When you view your statement this month, you will likely notice some decline in the value of your portfolio. When you dive into the details, you may be shocked to see that your supposedly “safe” bonds actually dropped in value.
After a little swearing, the first question you ask might be “Why?” Why did my bonds lose value, especially when I heard that interest rates went up last month? Shouldn’t higher interest be good?
I am going to stay away from the technical jargon and just focus on a common sense explanation. Let’s say you bought a ten year US Treasury bond paying 3% at some point in the past. You know that ten years from when you bought the bond, the government will return your principal, and you will have collected 3% annual interest along the way.
But along the way, interest rates changed. Let’s say the ten year rates went down from 3% to 2%. This means that someone could get a new ten year Treasury paying 2%, or they could buy your 3% Treasury bond from you. Since your bond pays 3%, you would expect a premium. Your 3% bond should be worth more than a 2% bond. Conversely, if rates went from 3% to 4%, why would anyone want your 3% bond when they can get a new one for 4%? Unless you sell at a discount; therefore your bond will be worth less.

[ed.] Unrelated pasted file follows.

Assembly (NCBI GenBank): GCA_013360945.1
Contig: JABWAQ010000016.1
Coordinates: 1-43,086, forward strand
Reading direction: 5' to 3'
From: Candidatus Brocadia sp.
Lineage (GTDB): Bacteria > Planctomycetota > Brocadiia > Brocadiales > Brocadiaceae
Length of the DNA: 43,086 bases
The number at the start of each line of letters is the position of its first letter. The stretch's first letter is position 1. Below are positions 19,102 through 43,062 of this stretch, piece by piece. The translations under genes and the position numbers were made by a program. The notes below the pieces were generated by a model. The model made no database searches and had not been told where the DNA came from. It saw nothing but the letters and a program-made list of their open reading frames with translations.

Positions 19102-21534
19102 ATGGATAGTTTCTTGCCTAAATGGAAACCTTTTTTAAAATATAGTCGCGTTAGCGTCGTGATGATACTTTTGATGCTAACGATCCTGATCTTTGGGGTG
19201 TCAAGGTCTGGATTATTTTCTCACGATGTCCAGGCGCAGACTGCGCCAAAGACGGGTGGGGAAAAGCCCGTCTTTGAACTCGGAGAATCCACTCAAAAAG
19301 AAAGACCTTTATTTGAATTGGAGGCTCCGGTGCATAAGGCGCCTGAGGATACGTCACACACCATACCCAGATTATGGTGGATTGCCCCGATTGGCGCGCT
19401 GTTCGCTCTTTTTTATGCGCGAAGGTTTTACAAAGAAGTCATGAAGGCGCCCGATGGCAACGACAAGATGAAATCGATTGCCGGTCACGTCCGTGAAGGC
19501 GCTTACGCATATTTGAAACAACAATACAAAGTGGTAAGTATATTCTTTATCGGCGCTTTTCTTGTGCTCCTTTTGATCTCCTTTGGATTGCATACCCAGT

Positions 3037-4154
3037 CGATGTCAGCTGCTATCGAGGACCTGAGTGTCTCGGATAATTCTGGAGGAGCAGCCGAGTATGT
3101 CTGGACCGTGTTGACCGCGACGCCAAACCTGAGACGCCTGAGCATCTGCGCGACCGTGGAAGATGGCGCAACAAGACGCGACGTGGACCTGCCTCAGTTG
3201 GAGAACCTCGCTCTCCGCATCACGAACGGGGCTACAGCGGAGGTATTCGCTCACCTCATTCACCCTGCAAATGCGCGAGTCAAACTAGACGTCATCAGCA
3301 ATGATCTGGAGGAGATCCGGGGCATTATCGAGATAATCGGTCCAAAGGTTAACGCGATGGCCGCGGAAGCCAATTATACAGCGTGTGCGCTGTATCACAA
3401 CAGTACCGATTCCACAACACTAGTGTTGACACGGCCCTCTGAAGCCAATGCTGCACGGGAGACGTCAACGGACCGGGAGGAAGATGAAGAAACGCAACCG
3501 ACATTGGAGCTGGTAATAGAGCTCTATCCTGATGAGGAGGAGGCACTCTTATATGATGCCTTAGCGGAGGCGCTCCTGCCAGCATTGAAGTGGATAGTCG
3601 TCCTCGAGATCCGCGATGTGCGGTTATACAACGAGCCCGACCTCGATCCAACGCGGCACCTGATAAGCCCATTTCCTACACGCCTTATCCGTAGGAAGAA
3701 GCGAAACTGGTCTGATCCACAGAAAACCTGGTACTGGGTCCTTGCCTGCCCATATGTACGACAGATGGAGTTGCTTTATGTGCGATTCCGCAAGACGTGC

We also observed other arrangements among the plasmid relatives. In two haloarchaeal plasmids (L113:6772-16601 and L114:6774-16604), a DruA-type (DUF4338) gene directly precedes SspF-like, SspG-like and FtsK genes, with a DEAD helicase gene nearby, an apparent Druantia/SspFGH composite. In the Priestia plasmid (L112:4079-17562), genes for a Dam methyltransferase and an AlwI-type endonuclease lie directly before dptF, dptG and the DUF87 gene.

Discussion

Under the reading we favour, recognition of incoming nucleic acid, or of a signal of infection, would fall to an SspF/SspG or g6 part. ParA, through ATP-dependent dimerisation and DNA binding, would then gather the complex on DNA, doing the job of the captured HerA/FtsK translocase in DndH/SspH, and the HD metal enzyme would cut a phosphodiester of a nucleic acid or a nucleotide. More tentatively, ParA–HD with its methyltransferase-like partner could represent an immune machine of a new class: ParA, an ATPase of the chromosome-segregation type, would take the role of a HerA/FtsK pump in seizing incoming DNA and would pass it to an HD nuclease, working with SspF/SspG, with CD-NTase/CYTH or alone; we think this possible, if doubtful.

Between May and June the ten year interest rate jumped a full percentage point (approximately from 1.6% to 2.6%). This rise in the interest rate probably caused your bonds to fall in value.
I hope this helps; next post we’ll discuss what to do about it.